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Medicaid rules fault the Angelus for isolation

Published Sep. 22, 2016

HUDSON — New Medicaid rules have put the Angelus, a highly regarded agency of five group homes and a training center serving the profoundly disabled for 37 years, on a state watch list for "isolating individuals from the broader community.''

Florida's Agency for Health Care Administration, enforcing federal rules adopted in 2014, hung the same designation on 55 group homes, assisted living facilities and adult training or day care centers across the state in an Aug. 26 draft report.

The rules, part of the Affordable Care Act, are intended to ensure that the disabled and elderly receiving Medicare and Medicaid have full access to community living. The nonprofit operators can make changes to their facilities to comply over the next three years. But, under a worst-case scenario, clients eventually could be forced to leave the Angelus for other homes or training sites to remain eligible for federal aid.

"Maybe their goals are admirable,'' said New Port Richey attorney Steve Booth, chairman of the Angelus board of directors, "but they don't take into consideration the severe disabilities those kids have.''

The Angelus serves 32 profoundly disabled children and adults who have cerebral palsy or other medical conditions restricting them to wheelchairs. They live in five homes, one of which is named after the non-profits' most famous benefactor, musician Charlie Daniels, on 18 acres in northwest Pasco County.

The close proximity of the houses, the on-site training center and a security gate on the property spurred the state notification that the Angelus acted as an institution, isolating clients from the community.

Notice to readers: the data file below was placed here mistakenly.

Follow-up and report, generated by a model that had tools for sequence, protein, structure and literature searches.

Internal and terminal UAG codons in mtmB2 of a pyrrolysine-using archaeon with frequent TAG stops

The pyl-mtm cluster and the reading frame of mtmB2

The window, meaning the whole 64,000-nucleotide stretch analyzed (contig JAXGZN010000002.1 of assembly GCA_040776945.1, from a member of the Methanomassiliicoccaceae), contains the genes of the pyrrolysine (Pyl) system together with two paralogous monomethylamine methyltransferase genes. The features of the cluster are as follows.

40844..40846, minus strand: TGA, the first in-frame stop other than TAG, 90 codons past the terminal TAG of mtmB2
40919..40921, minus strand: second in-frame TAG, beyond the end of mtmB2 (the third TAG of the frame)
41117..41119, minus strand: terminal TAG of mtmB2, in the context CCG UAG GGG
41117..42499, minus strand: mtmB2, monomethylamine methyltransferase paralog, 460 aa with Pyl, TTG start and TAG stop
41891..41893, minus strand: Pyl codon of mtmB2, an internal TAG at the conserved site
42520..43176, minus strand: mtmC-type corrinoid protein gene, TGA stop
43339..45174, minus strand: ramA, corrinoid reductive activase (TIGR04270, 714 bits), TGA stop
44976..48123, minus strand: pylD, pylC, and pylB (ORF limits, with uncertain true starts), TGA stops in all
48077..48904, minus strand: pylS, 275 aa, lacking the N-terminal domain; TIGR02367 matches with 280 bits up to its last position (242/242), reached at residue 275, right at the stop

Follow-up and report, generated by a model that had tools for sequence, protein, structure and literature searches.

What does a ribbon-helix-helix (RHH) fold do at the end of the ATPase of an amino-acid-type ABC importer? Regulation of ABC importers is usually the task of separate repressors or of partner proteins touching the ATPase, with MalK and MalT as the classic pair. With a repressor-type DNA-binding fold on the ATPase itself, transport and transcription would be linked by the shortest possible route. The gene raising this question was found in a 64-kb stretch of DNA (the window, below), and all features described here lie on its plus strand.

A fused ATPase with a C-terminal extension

"The individuals ... do not leave the grounds of the gated community often to access activities or services in the broader community,'' the report states.

"I've always been amazed at the things the kids can do'' in the community, Booth countered, mentioning fishing trips and outings to watch professional wrestling matches.

Additionally, the Angelus runs a highly popular haunted house at Halloween, puts on an annual Christmas pageant for the public and is host to a free community picnic each spring. The clients also are involved in its chief fundraising event, a golf tournament, concert and sporting clay shooting event headlined by Daniels.

"I don't think they really see what we do,'' said Joe Neri, CEO of the Angelus. "I don't think we are an institution. We are group homes, but we're all at one property as opposed to being in a subdivision.''

Also on the watch list are two group homes and a training center in Seffner operated by Human Development Center Inc. Executive director James Bell did not respond to requests for comment. In addition, the report includes sites in Lecanto, Crystal River and Sarasota.

There are 696 residential facilities and 318 training or adult day care centers under Florida's home and community-based settings program.

Inclusion of the Angelus on the state report has triggered community push-back in Pasco County, including promised assistance from, among others, county Commissioner Mike Wells Jr.; U.S. Rep. Gus Bilirakis, R-Palm Harbor, and incoming state House Speaker Rep. Richard Corcoran, R-Land O'Lakes.

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''We will do all we can to protect the Angelus home, and we're very optimistic we'll be able to do so,'' said Corcoran.


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